Physics graduate student to attend Lindau Nobel Laureate meeting

Author: Shelly Goethals


Notre Dame physics graduate student Catherine Rastovski has been selected to attend the 62nd annual Lindau Nobel Laureate Meeting, an opportunity for young researchers and Nobel laureates to inform and inspire each other.

The annual meetings are held on the island town of Lindau, on Lake Constance in southeastern Germany. They focus alternately on chemistry, physics, and physiology, and began in 1951 with a meeting of seven laureates and around 400 physicians. This year's weeklong meeting will focus on physics. Its attendees include 550 young researchers and 32 laureates from years ranging from 1973 to 2011. Laureates are invited to lecture and lead discussions on topics of their choosing, with themes ranging from the retrospective to the speculative.

Rastovski is a member of Morten Ring Eskildsen's condensed matter physics group, where her research examines the superconducting state of unconventional superconductors using Small Angle Neutron Scattering. Before joining Notre Dame in 2008, she was the Science Education Coordinator and a lecturer at Purdue University Calumet.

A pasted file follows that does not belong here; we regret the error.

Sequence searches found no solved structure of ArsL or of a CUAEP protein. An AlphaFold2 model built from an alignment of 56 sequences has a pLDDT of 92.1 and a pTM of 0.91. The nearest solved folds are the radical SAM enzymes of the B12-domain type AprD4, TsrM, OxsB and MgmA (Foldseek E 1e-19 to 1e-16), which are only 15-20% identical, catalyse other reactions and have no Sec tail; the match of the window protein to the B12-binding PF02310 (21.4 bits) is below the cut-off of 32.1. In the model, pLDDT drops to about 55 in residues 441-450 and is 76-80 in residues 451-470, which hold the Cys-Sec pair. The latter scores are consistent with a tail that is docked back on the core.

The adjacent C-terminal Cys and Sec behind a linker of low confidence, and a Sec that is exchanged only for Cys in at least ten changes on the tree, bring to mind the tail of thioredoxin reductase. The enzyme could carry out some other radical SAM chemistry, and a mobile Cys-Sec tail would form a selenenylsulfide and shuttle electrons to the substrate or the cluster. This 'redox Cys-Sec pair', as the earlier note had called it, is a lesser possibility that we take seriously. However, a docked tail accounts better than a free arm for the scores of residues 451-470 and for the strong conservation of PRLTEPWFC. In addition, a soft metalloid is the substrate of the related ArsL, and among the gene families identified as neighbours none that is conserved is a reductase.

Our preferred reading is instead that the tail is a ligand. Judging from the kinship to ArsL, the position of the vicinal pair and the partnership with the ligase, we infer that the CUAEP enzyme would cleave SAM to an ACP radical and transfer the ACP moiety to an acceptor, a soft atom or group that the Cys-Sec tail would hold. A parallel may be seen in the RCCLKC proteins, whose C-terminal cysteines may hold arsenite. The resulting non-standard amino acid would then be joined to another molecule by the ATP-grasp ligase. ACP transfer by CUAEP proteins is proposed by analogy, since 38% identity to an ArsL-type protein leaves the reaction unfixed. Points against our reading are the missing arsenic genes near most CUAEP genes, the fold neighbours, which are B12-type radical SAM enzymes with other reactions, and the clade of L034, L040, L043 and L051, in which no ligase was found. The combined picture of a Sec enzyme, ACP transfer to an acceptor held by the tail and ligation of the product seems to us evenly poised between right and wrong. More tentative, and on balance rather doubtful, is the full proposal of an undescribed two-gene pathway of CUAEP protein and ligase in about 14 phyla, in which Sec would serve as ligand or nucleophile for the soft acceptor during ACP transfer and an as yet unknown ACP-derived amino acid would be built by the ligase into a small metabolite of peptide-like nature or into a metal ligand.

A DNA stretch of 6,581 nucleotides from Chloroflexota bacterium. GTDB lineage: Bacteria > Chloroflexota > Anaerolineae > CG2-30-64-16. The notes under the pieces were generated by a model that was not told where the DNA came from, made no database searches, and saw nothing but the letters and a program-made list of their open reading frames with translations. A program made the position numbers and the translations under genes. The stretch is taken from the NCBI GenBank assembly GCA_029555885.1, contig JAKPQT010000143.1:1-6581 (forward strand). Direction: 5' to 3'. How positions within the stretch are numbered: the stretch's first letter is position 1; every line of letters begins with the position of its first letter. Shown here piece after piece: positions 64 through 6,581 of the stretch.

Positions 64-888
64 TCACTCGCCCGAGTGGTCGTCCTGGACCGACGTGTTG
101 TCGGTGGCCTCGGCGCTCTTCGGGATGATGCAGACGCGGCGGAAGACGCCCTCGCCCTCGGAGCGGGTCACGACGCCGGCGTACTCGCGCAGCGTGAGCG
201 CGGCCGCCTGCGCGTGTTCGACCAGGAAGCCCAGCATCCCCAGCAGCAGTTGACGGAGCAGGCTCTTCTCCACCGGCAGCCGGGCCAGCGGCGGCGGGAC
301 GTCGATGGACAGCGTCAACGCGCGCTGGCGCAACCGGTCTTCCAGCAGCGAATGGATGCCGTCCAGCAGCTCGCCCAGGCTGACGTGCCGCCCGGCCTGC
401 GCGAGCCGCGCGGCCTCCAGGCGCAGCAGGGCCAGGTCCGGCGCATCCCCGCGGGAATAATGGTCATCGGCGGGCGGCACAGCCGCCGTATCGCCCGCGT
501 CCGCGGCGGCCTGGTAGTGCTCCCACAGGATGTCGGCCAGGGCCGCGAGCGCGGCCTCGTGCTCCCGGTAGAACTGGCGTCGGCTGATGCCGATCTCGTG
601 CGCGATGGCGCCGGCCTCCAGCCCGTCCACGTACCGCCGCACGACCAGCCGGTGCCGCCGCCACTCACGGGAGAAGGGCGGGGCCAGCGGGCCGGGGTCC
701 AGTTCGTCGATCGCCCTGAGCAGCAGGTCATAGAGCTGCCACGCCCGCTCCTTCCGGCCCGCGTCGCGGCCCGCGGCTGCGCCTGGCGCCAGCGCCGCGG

“The best thing about being a grad student is the research,” said Rastovski of the opportunity. “Being the first person on earth to see some new physical phenomenon is a spectacular feeling. At Lindau, I’m going to have the opportunity to meet people who have made the most influential discoveries in physics. It’s pretty humbling—but also very exciting.”